Personal Stories Grip Lawmakers On Death Penalty
DENVER (AP) – A grim coincidence at a Colorado high school. A father’s killing at a Texas gas station. A son’s shooting death that has driven a mother’s political career.
A proposal to abolish Colorado’s death penalty will be one of the most emotional issues this legislative session – in part because lawmakers’ own stories are closely connected to the debate.
The three men on Colorado’s death row all attended the same high school in suburban Denver at different times. Democratic Rep. John Buckner of Aurora was the high school’s principal when each attended.
Aurora Democrat Rhonda Fields’ son was gunned down at an intersection to stop him from testifying at a murder trial. Two men convicted in the shooting are on death row.
And Democratic Sen. Lucia Guzman, who is co-sponsoring the bill, believes executions should be abolished, despite her father’s gruesome slaying decades ago.
The bill gets its first hearing in coming days. These are the stories of three lawmakers who could be casting crucial votes.
In ninth grade, John Buckner took a position on the death penalty for a debate in speech class. He argued against it.
Years later, as principal at Aurora’s Overland High School, Buckner would meet the three men now sitting on Colorado’s death row: Nathan Dunlap, Robert Ray, and Sir Mario Owens.
Of the three, Buckner knew Dunlap best. He described Dunlap, now 38, as a bright student whom he saw frequently because he had issues with authority.
“He didn’t have those issues with me,” he said. “He felt comfortable that I was fair.”
In 1993, Dunlap was a 19-year-old former employee of a Chuck E. Cheese restaurant in Aurora when he killed the night manager and three teenage employees. They all died from shots to the head.
Buckner was less familiar Ray and Owens. He remembers they attended school for a few semesters and didn’t do anything to attract attention.
Ray and Owens were convicted in the 2005 shooting deaths of Javad Marshall-Fields, a witness to a murder trial involving Ray, and Marshall-Fields’ fiancee, Vivian Wolfe. Both were 22.
Buckner said he’s opposed the death penalty partly out of concern that it disproportionately affects minorities. Dunlap, Ray and Owens are black.
Dunlap exhausted his appeals, and an execution date could be set soon. Buckner has tried to look at Dunlap’s case as “just a convicted person moving through the process.”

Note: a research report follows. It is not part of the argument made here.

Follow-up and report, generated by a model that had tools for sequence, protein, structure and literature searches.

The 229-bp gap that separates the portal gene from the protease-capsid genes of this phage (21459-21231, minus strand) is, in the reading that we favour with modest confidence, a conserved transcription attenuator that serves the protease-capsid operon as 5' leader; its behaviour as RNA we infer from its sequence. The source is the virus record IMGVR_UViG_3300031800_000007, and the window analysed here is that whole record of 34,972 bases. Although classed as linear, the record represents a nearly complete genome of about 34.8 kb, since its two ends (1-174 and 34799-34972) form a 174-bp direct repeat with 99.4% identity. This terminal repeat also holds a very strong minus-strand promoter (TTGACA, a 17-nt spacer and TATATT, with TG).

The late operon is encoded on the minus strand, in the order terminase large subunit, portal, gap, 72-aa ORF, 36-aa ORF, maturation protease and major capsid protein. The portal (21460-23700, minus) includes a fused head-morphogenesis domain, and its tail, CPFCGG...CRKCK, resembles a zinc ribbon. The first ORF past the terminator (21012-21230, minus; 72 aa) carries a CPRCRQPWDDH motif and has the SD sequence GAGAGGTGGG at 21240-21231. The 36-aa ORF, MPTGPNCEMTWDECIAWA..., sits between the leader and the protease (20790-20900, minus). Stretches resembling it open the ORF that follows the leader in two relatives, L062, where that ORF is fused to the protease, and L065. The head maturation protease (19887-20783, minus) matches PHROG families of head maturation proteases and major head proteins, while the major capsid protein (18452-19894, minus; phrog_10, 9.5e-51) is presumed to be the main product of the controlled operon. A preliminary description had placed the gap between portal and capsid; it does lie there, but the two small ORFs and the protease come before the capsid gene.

“I haven’t dealt with the name, the notion of Nathan Dunlap – student that I knew from Overland, family that I knew, being put to death. I’ve just avoided that, that notion,” he said.
“I think it will be complicated for me when I have to face the fact that this is Nathan the person.”
Before taking office in 2011, Rhonda Fields was a constant presence at the Arapahoe County courthouse for dozens of hearings involving Robert Ray and Sir Mario Owens in the death of her son, Javad.
It was an emotional time for Fields, and the beginning of her involvement in politics.
“When I look back at my past, I’m reminded of why I’m here. Because I don’t think I would be here if it wasn’t for the scars of my past,” said Fields.
The Aurora theater shooting happened in her district. While prosecutors weigh whether to seek the death penalty against the man charged in the shootings, James Holmes, the bill to abolish executions would not apply retroactively to current cases.
Fields has become a leading advocate for restrictions on firearms, including expanded background checks and limits on the size of ammunition magazines.
She opposes repealing the death penalty, saying it would undermine the criminal justice system, and insists that the issue should be decided by voters.
Some crimes, like the theater shooting and her son’s slaying, merit the ultimate punishment, she said.
Fields notes that by the time Owens was sentenced for her son’s death, he had already been sentenced to life without parole for another murder.
“So what do you give someone who’s already receiving life in jail without parole?”
In 1975, Tomas Guzman worked the late shift at a gas station in Katy, a town outside of Houston. At 73, he’d retired as a railroad worker, but he needed the extra income.
One night, after midnight, he was beaten to death with a wrench in what police believe was a robbery by three men. It may have been a dispute over cigarette change. His family was never sure – just that he was beaten so badly part of his skull was missing when police found him.
“How do you bludgeon someone when it’s just an argument over cigarette change?” said Sen. Lucia Guzman. She still has unanswered questions about her father’s death, including whether the man police arrested actually did it. That man was charged with manslaughter and served less than 10 years in prison.
Guzman was 27. Her father was a Mexican immigrant who never had enough money to buy a home. But she is steadfast in her opposition to capital punishment.
“For me, I never thought that finding this person and killing them was going to bring me any kind of release,” she said, her eyes teary. “I mourn, and still mourn to this day, that my daddy who had worked so hard all of his life and had experienced so many injustices because of his race, because of where he was born, because of his language, but who worked so hard and was an honest, good man, that he had to die that way. So unjust.”
Guzman said sentencing to death the person or persons responsible for the murder “would be like killing my father a second time.”
“It wouldn’t bring justice to my daddy, all that he was, all that he did. Because it was an act of violence, but my daddy was never a violent man.”
- By Ivan Moreno, AP Writer
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